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Tenses for waive15

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Demonstrative pronouns in Turkis:

bu                              şu /shu/                         o

for near                for  more distant          for the most distant

 

Personal pronouns in Turkish

Ben            Biz

Sen            Siz

O               Onlar         / -n- is a connective consonant -y-/as in yes/ and -s- are the rest. Look in English law -----> lawyer. I think once I don't remember the word in English, there was -n- in it.

                                    /That consonants are used when word finishes in a vowel and next ending starts with a vowel

                                  /-lar,  -ler are the endings for plural of nouns in Turkish( look at -ant, -ent, -are, -ere ... in Latin) Latintutorial/youtube

Demonstrative pronoun for the most distant O works as Personal pronoun in the 3rd person singular and plural. Turks don't have grammatical gender at all. Only nouns take grammatical case endings. They are simple and are the same for singular and plural of the nouns.

zaman  -  time, season, age, era, epoch

o zaman - then, at that time                      Even in Turkish the demonstrative pronoun for the distant is associated with the Definitive-ness.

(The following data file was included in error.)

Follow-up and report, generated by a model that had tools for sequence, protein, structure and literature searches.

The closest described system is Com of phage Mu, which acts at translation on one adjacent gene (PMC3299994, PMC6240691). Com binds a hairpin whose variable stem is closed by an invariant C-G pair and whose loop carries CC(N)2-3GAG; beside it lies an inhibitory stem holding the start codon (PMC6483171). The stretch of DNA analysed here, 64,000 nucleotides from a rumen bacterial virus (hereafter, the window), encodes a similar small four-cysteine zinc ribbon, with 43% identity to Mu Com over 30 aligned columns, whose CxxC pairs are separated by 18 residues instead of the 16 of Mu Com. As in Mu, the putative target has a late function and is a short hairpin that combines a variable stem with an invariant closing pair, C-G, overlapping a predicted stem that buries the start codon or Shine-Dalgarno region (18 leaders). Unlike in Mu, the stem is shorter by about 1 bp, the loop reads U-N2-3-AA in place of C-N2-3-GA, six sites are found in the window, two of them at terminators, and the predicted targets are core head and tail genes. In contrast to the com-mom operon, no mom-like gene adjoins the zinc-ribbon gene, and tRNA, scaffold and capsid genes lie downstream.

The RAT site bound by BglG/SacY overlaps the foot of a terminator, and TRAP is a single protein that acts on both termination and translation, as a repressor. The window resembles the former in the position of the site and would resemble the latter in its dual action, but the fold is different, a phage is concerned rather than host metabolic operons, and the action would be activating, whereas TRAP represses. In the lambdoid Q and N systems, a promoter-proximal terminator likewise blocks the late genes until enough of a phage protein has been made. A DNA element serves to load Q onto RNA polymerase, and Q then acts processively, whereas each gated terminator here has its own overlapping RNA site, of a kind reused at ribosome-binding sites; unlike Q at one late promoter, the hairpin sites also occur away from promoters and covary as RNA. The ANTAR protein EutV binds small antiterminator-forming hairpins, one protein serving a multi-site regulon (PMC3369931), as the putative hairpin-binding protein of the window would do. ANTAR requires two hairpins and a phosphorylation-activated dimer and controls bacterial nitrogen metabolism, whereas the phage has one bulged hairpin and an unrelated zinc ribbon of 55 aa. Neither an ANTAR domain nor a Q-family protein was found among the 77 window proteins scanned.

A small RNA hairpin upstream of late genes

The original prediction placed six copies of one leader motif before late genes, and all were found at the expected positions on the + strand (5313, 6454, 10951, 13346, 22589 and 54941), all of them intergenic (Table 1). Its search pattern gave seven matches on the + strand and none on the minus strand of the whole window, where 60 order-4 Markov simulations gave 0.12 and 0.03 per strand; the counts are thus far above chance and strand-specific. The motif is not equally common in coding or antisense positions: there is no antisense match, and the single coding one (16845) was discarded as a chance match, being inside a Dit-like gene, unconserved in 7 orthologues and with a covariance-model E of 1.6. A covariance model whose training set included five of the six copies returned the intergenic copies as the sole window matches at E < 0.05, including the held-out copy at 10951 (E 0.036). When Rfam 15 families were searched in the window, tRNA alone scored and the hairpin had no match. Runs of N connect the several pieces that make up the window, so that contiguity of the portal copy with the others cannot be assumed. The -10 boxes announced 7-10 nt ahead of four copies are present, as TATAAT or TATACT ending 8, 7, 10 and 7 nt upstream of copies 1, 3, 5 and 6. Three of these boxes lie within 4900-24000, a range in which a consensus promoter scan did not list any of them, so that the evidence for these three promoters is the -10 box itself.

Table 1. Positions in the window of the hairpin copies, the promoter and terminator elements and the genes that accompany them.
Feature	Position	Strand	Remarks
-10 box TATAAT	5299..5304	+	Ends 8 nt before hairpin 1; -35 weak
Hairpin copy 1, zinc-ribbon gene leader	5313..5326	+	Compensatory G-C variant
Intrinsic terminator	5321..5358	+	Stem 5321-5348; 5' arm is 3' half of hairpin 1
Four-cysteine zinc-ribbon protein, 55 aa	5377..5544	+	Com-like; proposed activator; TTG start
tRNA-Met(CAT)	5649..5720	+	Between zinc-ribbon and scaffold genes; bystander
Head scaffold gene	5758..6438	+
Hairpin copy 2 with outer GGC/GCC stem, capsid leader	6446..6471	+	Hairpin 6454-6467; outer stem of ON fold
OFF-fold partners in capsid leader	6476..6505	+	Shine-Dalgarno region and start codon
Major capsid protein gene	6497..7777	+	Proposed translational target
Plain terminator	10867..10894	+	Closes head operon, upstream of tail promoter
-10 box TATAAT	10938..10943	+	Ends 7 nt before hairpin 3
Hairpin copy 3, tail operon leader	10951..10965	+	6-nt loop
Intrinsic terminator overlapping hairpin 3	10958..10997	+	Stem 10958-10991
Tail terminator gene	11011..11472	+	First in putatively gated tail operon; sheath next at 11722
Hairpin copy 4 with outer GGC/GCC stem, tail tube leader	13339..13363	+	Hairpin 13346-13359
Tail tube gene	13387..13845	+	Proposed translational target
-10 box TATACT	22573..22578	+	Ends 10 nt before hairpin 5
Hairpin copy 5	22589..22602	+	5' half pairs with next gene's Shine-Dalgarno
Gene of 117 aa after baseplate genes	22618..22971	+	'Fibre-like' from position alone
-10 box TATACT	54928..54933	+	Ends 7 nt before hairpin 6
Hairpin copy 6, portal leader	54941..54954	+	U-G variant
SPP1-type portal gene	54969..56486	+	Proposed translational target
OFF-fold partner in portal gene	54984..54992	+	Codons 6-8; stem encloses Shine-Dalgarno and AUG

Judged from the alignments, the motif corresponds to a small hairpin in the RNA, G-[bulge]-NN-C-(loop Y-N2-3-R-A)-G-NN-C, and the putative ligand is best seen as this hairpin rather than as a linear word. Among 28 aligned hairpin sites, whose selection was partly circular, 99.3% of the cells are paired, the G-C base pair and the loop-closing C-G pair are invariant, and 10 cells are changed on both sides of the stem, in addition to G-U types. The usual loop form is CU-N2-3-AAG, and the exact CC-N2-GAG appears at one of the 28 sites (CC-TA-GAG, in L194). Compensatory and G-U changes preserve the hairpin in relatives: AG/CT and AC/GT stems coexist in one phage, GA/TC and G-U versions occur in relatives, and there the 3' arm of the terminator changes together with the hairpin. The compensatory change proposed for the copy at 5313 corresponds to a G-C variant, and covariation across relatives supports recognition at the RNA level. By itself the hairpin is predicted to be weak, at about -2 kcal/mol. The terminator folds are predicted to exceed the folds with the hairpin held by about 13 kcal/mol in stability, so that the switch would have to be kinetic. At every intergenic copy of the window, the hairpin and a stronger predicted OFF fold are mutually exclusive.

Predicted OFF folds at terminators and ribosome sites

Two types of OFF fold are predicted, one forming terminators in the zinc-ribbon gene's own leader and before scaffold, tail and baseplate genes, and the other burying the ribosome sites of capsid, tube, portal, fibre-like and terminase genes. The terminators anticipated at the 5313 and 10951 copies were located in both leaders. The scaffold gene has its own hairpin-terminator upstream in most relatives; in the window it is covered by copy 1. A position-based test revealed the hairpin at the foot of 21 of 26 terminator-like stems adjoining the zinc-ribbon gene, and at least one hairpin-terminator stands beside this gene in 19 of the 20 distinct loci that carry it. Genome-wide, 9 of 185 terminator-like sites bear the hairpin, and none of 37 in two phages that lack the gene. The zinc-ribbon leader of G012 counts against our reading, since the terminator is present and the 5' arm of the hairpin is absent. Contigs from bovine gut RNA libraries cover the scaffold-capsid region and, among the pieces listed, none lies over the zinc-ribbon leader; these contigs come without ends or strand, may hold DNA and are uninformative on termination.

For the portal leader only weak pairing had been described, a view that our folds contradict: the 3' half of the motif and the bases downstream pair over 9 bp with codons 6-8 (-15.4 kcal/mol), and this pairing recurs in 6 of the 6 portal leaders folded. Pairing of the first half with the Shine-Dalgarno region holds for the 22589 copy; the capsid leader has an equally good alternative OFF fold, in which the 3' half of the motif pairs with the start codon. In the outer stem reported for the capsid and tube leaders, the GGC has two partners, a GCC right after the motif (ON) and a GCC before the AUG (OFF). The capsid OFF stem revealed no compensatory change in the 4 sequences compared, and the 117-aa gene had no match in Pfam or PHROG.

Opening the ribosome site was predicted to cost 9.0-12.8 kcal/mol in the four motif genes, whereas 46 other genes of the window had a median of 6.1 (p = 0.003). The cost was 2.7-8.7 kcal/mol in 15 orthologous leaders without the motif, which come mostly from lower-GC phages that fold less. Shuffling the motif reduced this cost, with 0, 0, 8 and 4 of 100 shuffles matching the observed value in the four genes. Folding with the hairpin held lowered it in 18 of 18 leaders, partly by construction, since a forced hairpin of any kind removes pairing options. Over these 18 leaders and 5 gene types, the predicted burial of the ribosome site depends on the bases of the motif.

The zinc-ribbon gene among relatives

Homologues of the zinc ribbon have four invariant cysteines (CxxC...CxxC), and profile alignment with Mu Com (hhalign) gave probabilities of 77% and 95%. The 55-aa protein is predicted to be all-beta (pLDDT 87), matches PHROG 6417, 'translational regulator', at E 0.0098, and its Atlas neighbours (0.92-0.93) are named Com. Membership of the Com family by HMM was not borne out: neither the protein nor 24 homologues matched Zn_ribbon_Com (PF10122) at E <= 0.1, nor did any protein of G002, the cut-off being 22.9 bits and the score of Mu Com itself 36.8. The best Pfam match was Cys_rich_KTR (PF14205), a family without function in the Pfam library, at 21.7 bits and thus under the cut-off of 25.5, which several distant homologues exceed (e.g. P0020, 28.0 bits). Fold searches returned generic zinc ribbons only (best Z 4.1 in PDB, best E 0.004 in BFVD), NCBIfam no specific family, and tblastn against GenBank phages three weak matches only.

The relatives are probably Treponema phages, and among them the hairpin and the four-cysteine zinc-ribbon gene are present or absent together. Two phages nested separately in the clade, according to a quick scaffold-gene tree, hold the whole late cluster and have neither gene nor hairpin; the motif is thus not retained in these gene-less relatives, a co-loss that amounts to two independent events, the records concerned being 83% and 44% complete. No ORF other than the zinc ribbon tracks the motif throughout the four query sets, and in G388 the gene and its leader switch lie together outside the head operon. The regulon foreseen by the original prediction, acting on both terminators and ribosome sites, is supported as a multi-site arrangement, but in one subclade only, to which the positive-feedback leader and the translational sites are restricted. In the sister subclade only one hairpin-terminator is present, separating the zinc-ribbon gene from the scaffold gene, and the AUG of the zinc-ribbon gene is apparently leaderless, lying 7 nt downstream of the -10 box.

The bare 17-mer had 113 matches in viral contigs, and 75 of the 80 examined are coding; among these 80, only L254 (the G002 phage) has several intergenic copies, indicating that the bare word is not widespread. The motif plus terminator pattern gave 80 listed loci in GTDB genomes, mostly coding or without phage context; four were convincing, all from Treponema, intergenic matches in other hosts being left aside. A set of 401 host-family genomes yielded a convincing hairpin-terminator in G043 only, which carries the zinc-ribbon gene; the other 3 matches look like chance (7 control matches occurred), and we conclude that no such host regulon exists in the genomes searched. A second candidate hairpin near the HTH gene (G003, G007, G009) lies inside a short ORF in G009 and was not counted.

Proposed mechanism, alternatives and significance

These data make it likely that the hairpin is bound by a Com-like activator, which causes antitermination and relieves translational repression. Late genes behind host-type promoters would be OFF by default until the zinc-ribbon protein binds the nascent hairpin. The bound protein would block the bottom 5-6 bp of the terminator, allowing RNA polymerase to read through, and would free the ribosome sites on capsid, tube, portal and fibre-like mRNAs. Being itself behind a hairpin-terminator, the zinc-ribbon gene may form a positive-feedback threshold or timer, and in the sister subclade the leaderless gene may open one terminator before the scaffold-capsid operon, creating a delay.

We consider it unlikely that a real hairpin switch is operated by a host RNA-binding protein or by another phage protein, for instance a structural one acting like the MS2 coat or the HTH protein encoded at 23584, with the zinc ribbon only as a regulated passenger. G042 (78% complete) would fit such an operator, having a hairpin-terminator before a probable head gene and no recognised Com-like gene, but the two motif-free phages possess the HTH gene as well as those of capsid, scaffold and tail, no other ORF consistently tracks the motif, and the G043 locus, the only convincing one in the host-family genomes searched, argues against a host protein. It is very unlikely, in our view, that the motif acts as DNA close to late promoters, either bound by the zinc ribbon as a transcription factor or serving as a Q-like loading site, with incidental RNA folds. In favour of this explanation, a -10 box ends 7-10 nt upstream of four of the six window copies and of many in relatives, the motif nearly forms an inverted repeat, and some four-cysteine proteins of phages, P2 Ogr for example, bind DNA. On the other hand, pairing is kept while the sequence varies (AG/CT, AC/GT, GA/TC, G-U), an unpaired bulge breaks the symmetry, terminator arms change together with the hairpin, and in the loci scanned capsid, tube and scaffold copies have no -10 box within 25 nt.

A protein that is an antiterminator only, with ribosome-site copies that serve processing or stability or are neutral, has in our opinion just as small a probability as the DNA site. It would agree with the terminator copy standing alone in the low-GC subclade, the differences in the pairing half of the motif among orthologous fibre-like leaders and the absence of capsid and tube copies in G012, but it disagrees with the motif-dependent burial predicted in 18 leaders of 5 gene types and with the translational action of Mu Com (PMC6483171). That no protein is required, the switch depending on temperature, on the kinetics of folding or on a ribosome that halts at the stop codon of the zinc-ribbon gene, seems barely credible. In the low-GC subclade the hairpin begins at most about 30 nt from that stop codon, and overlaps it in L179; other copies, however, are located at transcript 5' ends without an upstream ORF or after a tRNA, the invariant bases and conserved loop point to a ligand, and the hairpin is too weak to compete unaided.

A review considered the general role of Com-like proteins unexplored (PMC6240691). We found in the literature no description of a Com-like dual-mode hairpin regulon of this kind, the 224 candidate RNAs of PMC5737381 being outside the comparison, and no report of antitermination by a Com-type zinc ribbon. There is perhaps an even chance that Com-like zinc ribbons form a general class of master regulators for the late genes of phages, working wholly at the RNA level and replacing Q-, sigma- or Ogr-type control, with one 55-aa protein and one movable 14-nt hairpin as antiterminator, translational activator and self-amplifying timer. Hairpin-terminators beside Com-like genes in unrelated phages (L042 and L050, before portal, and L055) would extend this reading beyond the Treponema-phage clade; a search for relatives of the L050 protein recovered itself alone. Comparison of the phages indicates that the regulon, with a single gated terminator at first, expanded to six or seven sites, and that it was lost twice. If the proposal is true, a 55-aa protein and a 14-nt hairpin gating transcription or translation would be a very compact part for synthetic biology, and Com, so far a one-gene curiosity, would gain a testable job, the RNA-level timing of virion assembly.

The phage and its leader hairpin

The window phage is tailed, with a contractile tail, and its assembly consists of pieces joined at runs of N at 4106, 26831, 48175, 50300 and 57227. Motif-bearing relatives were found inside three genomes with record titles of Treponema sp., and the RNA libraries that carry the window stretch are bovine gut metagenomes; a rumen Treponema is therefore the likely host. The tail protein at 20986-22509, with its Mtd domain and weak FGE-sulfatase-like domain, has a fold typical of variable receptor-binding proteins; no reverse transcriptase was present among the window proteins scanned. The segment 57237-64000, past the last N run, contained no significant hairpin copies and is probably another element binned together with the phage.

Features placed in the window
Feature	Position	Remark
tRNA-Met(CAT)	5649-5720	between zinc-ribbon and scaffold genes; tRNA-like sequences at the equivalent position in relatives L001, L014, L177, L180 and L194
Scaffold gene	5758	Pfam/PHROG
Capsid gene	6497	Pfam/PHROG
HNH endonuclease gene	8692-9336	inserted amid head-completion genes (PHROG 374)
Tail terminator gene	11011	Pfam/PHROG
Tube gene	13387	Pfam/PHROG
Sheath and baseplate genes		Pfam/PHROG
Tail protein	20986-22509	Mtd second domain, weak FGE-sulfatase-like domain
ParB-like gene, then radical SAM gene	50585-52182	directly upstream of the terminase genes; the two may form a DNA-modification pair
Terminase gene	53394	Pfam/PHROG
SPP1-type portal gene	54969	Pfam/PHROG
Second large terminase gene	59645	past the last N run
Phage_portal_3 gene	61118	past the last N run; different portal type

The book is on the table. = That book(which I know/recognize from the past/then) is on the table. /even if that stood instead of the in front of the noun the meaning would remain the same. Englsh just took the(existing word, form of that) as a word which is HANDY. Germans didn't do that - different mentality of two peoples/

People tend to behave like Powerful or Famous people. In that how people speak/talk there is a lot of Fashion, Snobbishness, Mistakes, Misunderstanding, False Ideas, ...

"Adder...   ...The modern form represents a faulty separation 14c.-16c. of a nadder into an adder, for which see also apron, auger, nickname, orange, humble pie, aitchbone, umpire. Nedder is still a northern English dialect form." Etymonline (dot) com

can ---- could /L in could is not natural but intentionally put!/Etymonline (dot)com

-ing(2)   vs -ing(1) are same in English but not in German. /-ing Etymonline (dot) com/ If germans who study English knew that they would be happy.

And so on.

 

Well, guys, thank you for putting up with me for so long. You were great.

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